Albert Pike's decision in choosing the legal profession was a good one. He made rapid progress and in a few short years became one of the best lawyers of his day in the entire Southwest. This fact is attested to by the large practice he built up by his having been licensed to practice before the Arkansas and the United States Supreme Courts by successfully representing several Indian tribes in their claims against the Government and for several references and compositions highly important to the legal fraternity, which he authored. In the practice of this profession it is believed that he amassed several fortunes, and at times showed evidence of considerable wealth for that day and time. The home he built in Little Rock was a costly structure and a show-place of that city.

His legal career extended over many years, practising in Arkansas, Louisiana, Tennessee and our Nation's Capital and was interrupted only by his participation in the Mexican War in the 1840's and the War Between the States in the ླྀ's.

Undoubtedly, Albert Pike could have been one of America's out standing statesmen had he heeded the call to enter politics. He was well informed on public affairs and being an orator with exceptional eloquence, he had the ability to influence votes. But in him there was no desire to hold public office. His contention was that to win success in politics, the masses must be swayed and to do that, one must profess whatever doctrine suits the times. This, of course, was in contradistinction to his belief that the science of government is the science of benefitting the people and that every political contest should be a contest of principles and not merely for the benefit of parties or individual contestants. He shrugged off the suggestion that he enter politics, "where he could make a reputation for himself," and followed the advice he gave to others: "Be faithful to your country, and prefer its dignity and honer to any degree of popularity and honer for yourself."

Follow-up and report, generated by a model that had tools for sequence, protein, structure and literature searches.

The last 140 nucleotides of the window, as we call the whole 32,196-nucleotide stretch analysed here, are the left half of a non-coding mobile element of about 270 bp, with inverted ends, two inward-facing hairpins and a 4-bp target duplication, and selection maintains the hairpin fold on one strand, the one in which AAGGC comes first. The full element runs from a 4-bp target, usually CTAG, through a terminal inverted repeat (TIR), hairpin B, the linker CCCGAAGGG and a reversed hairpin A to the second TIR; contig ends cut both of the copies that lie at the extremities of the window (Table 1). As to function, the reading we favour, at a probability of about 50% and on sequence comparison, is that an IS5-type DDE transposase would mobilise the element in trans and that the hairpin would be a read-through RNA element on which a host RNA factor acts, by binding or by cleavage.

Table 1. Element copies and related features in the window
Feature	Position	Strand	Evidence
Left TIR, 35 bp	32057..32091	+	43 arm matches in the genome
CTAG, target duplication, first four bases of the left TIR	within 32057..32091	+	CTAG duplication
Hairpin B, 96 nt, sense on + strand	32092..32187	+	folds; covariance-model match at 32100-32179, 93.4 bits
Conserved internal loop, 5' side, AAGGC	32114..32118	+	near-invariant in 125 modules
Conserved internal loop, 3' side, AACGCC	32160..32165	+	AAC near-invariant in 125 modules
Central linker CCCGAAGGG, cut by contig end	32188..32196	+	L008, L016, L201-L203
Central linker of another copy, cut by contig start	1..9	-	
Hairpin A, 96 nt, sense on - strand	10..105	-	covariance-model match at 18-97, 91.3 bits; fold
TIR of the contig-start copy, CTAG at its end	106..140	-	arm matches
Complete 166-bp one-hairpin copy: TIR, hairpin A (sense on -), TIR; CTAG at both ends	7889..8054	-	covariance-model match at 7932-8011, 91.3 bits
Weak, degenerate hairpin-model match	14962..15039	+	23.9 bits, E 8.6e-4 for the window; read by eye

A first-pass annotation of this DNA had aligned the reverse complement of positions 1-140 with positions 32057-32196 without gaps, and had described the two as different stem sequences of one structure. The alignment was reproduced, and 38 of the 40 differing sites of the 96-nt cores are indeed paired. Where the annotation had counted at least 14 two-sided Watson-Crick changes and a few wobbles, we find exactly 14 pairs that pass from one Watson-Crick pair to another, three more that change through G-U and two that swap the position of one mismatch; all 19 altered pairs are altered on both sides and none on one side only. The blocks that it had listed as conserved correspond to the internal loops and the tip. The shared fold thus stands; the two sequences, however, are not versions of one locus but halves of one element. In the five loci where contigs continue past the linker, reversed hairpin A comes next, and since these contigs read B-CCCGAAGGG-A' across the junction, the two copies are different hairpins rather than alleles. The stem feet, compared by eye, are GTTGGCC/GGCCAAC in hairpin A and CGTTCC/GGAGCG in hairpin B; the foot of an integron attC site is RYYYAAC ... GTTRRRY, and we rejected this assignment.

Anyone who seeks a place in the sun can expect to get burned. He who climbs a little higher than the crowd will be the target for knockers. The higher he rises, the more and louder the knocking. Like all forceful men, Albert Pike aroused jealousies and made enemies.

Some of the cruellest criticism of all was due to his participation in the Battle of Pea Ridge in the War Between the States. In the South he was not only unjustly accused of cowardice and betrayal of the South because of his northern birth, but actually blamed for the loss of that battle. In the North he was called a recreant Yankee and stories were published which claimed that just before the battle, he had purposely aroused the savage instincts of the Indians under his command by giving them whiskey which accounted for atrocities not condoned by civilized warfare. Although all these charges were subsequently disproven, such fantastic untruths can only, by the medium of time, be completely erased.

Albert Pike's position on the question of secession is a matter of record. He used his influence to try to prevent withdrawal from the Union, but when that step became inevitable, he was compelled to take a stand. He had become a part of the Southland and his adopted State of Arkansas. Their problems bad become his problems, their destiny his destiny. He could flee and leave everything, be murdered, or join his neighbours. He chose the latter. Although Albert Pike sincerely believed that there could be secession and peaceful existence, when war did come he offered his services to the Southern cause.